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When Germs Go Wild

Few things strike alarm in the hearts of people, especially parents, like news reports of infectious diseases spreading through the population. Words like "outbreak," "epidemic," and "pandemic" can spread panic even faster than the diseases themselves can travel. First of all, let’s examine what those scary words mean.

"Outbreak" refers to an unexpected occurrence of a disease in a localized area, such as "a sudden outbreak of measles in a school district."

"Epidemic" occurs when the number of new cases of a disease substantially exceeds what was expected, such as "A flu epidemic is spreading throughout New York City, forcing the public schools to close for a week in an effort to control the spread among school-age children and their families."

"Pandemic" refers to a widespread epidemic of an infectious disease that spreads rapidly through large regions of human inhabitation. "Pan" actually means "all." A pandemic exists when 75% of the population of a large area is affected.

Pandemic and epidemic situations are nothing new and are actually fairly common. Think of measles, Avian (bird) flu, Swine flu, and the flu epidemic of 1918 that spread across the globe and took an estimated twenty million lives. Farther back in history, the dreaded Bubonic plague that began in China in the mid-1300’s and spread by rats and their fleas through shipping channels into Europe wiped out at least half of the European population. Is there a possibility that such pandemics could happen in our day? Yes, as unfortunate as it would be, it very well could happen. Unfamiliar germs appear resistant to our antibiotics. Viruses routinely mutate. How can we prepare for such possibilities?

Whether the disease outbreak is local or widespread we can do things to protect ourselves and our families. Most of the precautions we can take are simply a matter of good common sense.

Have supplies of antibacterial products--sprays, hand sanitizer, liquids, wipes, and soaps on hand and use them liberally. Spray or wipe common germ-spreading culprits (at home and at work) such as phones, keyboards, computer mouses, doorknobs, faucets, toilet handles, handles on shopping carts--anything that everyone touches on a routine basis.

Be prepared to stay home (and possibly indoors) for up to ten days or longer. Follow whatever the local health authorities recommend. Avoid going out in public, especially into crowded places. Those of us who are old enough to remember the polio epidemics that used to occur almost every summer of our childhood recall the closed movie theaters, restaurants and swimming pools. We learned to entertain ourselves at home. If you have children it’s a good idea to have on hand a variety of books, craft ideas, board or video games, movies, and toys that can be wiped clean if they’re shared. The possibility of needing to stay home for an extended period is also a very good reason to have on hand at least a three-month supply of familiar food as well as a gallon a day per person of clean water for a two week period and ways to make water safe to drink. Many pathogens can be spread through the water supply.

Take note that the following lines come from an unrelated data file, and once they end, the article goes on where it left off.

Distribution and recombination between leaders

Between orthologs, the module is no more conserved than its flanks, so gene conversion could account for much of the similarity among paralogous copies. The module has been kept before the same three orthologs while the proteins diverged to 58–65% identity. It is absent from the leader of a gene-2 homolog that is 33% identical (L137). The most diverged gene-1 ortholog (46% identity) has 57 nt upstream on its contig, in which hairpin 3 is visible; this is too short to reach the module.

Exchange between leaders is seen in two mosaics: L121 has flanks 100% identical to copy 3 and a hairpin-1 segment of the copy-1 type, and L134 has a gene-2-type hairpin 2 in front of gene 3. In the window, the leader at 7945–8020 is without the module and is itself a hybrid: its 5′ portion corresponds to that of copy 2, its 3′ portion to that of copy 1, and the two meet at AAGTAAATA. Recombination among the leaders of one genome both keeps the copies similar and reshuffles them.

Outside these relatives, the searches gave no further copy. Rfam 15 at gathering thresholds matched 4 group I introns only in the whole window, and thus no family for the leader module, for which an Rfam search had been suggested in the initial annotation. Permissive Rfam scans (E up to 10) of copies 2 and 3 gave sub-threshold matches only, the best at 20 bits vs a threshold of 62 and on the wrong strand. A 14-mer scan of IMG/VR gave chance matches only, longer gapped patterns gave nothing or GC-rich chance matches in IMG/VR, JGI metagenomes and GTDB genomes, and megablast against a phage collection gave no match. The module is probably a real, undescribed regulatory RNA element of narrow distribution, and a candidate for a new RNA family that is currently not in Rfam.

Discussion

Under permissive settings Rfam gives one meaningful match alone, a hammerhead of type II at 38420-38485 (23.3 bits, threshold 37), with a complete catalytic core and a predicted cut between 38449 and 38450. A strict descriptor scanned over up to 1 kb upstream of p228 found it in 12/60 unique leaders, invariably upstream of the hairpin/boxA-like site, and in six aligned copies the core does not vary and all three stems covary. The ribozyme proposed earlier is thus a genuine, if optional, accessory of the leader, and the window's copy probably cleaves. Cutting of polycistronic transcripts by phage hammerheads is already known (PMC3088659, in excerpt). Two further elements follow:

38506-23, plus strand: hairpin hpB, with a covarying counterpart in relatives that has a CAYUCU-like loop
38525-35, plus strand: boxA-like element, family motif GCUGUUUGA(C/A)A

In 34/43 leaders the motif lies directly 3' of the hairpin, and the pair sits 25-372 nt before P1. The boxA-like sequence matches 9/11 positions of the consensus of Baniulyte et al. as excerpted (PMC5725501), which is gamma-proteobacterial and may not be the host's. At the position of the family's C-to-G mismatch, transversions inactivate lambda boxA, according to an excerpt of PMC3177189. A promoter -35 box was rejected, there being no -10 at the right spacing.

Stores, banks, schools, restaurants and public services may need to close. You may be forced to make do with what you have on hand. Even utilities, garbage pick-up, and mail delivery may be spotty or on hold. One man recalled a time in his hometown in Oklahoma when yellow fever raged and people stayed inside their homes. One brave man in their community was designated to deliver sacks of groceries to people’s front doors--but never to have any contact with his customers--and every night a dray wagon went around picking up the bodies of those who had died. This was the only activity in town for several weeks. It’s hard for us to imagine things coming to such a pass in our medically-sophisticated and enlightened day, but it’s possible. Even if grocery stores and restaurants remained open, wouldn’t you feel safer preparing your own food at home during such a time?

If you must go out to work or to a hospital or doctor’s office, wear masks (consider N95 masks, which have exhalation valves for easy breathing and speaking). Refrain from shaking hands with people. If you work in essential services, such as the medical field, it may be wiser for you to remain at work for the duration rather than risk infecting your family by going back and forth. Of course if there’s no one to care for your children in your absence that’s another matter. Take extreme precautions, showering and changing clothes before going home.

Keep a good first-aid kit on hand and know how to use it. Plan if possible to have an extra supply of regular prescription medications.

Supervise your children’s hand washing. Make sure they wash for three minutes including under their fingernails, especially if they’ve been out in public. Wash any fresh fruits and vegetables carefully before preparing them even if they appear perfectly clean. Eat as healthy a diet as possible, get plenty of sleep, and try to keep up your emotional well being and the mood of your family, as disturbances in ordinary routine can be stressful for everyone.

Don’t forget Bowser, Meowser, and Nemo--your pets will continue to need food and supplies just as you will. Try to keep them clean and cared for so that they stay healthy. Not being prepared to feed and care for them would add stress to the whole family.

For further information, visit www.fema.gov, www.redcross.org, and www.beprepared.com/Insight.
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